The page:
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Hedone (Ancient Greek: ἡδονή) was the personification and goddess of pleasure, enjoyment, and delight. Hedone, also known as Voluptas in Roman mythology, is the daughter born from the union of the Greek gods Eros (Cupid) and Psyche in the realm of the immortals.[1] She was associated more specifically with sensual pleasure. Her opposites were the Algos, personifications of pain.[2]

The term Hēdonē, which is a Greek word meaning pleasure, is used as a philosophical concept in ancient Greece. For instance, it played an important role in the Epicurean school. It is also the root of the English word "hedonism".

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Aristotelian philosophyEdit

Aristotle identified it as one of the two elements or components of pathe, with the other being lype or pain.[3] The philosopher described pathe in these words: "Let the emotions be all those things on account of which people change their minds and differ in regard to their judgments, and upon which attend pain and pleasure."[4] Hēdonē, in Aristotelian ethics, is good if it is a consequence of a virtuous life as opposed to the position of some philosophers such as Aristippus, which holds that it is wholly good.[5] For the concept to be good or true, it must conform to nature, reason, or virtue and that, although, hēdonē can harmonize with these three, Aristotle gave it less value.[5]

In EpicureanismEdit

In the philosophy of Epicurus, hēdonē is described as a pleasure that may or may not derive from actions that are virtuous, whereas another form of pleasure, terpsis, is always virtuous.[6] Another Epicurean reading, which distinguished hēdonē from terpsis, referred to it as a feeling of pleasure that is episodic and might or might not be beneficial.[7] According to the Stanford Encyclopedia of Philosophy, Epicurus uses hēdonē in reference to only physical pleasures[8]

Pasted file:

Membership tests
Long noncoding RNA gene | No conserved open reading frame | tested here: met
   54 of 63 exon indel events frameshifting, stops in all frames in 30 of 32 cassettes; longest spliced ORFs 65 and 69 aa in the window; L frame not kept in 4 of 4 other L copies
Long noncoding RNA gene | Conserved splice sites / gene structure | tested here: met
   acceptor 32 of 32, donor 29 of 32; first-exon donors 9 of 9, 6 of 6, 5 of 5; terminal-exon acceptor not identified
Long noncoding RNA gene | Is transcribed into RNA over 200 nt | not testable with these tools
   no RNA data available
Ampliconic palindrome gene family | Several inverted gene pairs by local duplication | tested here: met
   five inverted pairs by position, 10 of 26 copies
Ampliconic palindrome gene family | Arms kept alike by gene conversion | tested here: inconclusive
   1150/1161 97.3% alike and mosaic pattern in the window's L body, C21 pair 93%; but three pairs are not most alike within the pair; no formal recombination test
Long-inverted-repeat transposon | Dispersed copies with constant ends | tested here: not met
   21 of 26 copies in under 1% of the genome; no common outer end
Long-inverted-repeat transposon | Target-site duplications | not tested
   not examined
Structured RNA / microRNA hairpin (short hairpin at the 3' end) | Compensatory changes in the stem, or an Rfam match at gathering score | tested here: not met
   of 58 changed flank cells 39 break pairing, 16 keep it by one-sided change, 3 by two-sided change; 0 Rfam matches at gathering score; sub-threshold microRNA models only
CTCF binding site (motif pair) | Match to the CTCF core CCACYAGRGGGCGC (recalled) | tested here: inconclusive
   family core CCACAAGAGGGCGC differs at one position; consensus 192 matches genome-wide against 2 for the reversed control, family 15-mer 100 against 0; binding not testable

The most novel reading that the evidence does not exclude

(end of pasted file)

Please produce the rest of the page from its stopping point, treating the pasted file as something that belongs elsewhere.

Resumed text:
StoicismEdit

The Stoics held a negative view of hēdonē, arguing that it is not in accordance with nature and reason.[5] This can be understood within the philosophy's position that emotion are by definition excessive or are excessive impulses that exceed the measure of natural reason and - as in other forms of excess - leads to other evils of irrationality.[9]

See alsoEdit

ReferencesEdit

  1. ^ Stampolidis, Nicholas; Tassoulas, Yorgos (2009). Eros: from Hesiod's Theogony to late antiquity. Museum of Cycladic Art. p. 48. ISBN 9789607064868.
  2. ^ "Hedone". Theoi Greek Mythology. Retrieved 6 July 2015.
  3. ^ Reis, Burkhard (2006). The Virtuous Life in Greek Ethics. Cambridge: Cambridge University Press. p. 195. ISBN 9780521859370.
  4. ^ Braund, Susanna; Most, Glenn (2004). Ancient Anger: Perspectives from Homer to Galen. Cambridge: Cambridge University Press. p. 100. ISBN 9780521826259.
  5. ^ a b c Kittel, Gerhard; Friedrich, Gerhard; Bromiley, Geoffrey (1985). Theological Dictionary of the New Testament: Abridged in One Volume. Grand Rapids, Michigan: William B. Eerdmans Publishing Company. p. 304. ISBN 0802824048.
  6. ^ Warren, James (2002). Epicurus and Democritean ethics : an archaeology of ataraxia (1. publ. ed.). Cambridge: Cambridge Univ. Press. pp. 49–51. ISBN 978-0-521-81369-3. Retrieved 6 July 2015.
  7. ^ Warren, James (2002). Epicurus and Democritean Ethics: An Archaeology of Ataraxia. Cambridge, UK: Cambridge University Press. p. 50. ISBN 0521813697.
  8. ^ Konstan, David. "Epicurus". Stanford Encyclopedia of Philosophy (Summer 2014 Edition). Retrieved 6 July 2015.
  9. ^ Sherman, Nancy (2007). Stoic Warriors: The Ancient Philosophy behind the Military Mind. Oxford: Oxford University Press. p. 81. ISBN 9780195315912.